Ashland University has received a $1.58 million grant from the U.S. Department of Health and Human Services, Health Resources and Services Administration (HRSA) for “Nurse Education, Practice, Quality and Retention” at the university. One hundred percent of the Ashland University project will be financed with federal grant dollars from HRSA.
The primary objective of the grant, to be disbursed over a three-year period, is to increase the baccalaureate nursing enrollment with a focus on the recruitment of minority and disadvantaged students as well as implementation of a retention program to promote their completion of the program.
"I am very pleased that HRSA has awarded this grant to Ashland University’s Schar College of Nursing,” said Faye Grund, dean of the College of Nursing. “The long-term goal of Ashland University’s project is to increase enrollment of baccalaureate students from the current number of 355 to a projected number of 700 students with an emphasis on increasing the numbers of students from minority and disadvantaged backgrounds.”
Grund said the three-year project proposed by Ashland University was based on four outcomes: 1) increasing enrollment of traditional, accelerated and RN to BSN students through enhanced marketing and mentorship of students from minority and disadvantaged backgrounds; 2) increasing retention of minority and disadvantaged students by 3 percent each project year; 3) expanding the capacity for simulated learning experiences for students capturing scenarios of culturally diverse and underserved populations within the state of Ohio; and 4) recruiting and developing faculty from underrepresented, diverse backgrounds to facilitate the recruitment of students from these same backgrounds and increase faculty awareness regarding diversity issues.
Grund said the grant also will benefit the medically underserved in the state of Ohio by increasing the numbers of professional nurses available to provide safe, quality care in the state.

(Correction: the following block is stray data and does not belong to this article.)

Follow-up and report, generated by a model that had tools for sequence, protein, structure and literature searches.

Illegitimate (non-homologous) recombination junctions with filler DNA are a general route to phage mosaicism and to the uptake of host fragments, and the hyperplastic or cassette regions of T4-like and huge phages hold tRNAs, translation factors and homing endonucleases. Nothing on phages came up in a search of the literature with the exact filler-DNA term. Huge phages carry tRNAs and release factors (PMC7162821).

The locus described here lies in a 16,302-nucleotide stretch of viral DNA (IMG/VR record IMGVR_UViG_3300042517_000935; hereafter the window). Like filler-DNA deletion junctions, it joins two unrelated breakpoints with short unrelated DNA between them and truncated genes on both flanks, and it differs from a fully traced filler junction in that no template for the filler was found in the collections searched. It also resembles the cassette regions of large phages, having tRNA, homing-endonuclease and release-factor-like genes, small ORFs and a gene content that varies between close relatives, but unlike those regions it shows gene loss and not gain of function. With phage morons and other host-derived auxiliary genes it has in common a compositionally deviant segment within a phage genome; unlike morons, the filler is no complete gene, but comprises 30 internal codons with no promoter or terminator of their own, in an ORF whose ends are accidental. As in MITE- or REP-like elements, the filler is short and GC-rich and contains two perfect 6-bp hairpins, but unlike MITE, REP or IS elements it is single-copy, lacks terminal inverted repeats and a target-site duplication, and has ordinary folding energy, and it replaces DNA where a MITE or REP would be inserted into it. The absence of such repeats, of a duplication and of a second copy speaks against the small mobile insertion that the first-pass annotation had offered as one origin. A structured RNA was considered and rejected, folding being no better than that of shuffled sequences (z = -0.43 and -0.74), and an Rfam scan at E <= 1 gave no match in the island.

“The grant outcomes will now involve people from a number of areas at the University, including enrollment, retention, marketing, diversity and financial aid,” Grund said. “Ashland University staff from these areas worked to make this grant happen and will work together to make sure we reach these project outcomes.”
Dr. Fred Finks, president of Ashland University, called the grant award “wonderful news.” “This has truly been a collaborative effort led by our development team. Our grant office and the College of Nursing worked hard in preparing a great proposal at a very important time for us,” stated Finks.
“This grant, which includes simulation equipment along with program development and new faculty, will enable Ashland University to expand its outreach to better serve health care needs throughout Ohio,” Finks said. “This plan to increase enrollment is crucial for the nursing workforce during a time when the nursing profession is challenged with shortages.”
The leader of the University’s development team for this project was Margaret Pomfret, associate vice president of institutional advancement and campaigns, who said she truly appreciates HRSA’s support of the University’s project.
“The folks at HRSA helped us immensely as we developed this concept,” Pomfret said. “This is very exciting because the grant provides the financial resources to allow for the purchase of simulation equipment that will enhance student learning in the upcoming academic year as well as when the College of Nursing moves into its new building.”
Ashland University broke ground in June for construction of a $15.5 million Dwight Schar College of Nursing facility at the corner of Trimble Road and Marion Avenue in Mansfield. The new 46,000-square-foot facility, which is expected to be open for classes in the fall of 2012, will include a variety of clinical practice labs, including the Center for Simulations, Health Foundations Practice Lab, Family Health Practice Lab, Adult Health Practice Lab, Complex Care Practice Lab, ICU/CCU/NICU Patient Room and Advanced Care Lab. Other spaces in the College will include traditional classrooms, faculty/staff offices, student study and lounge areas, and student support spaces.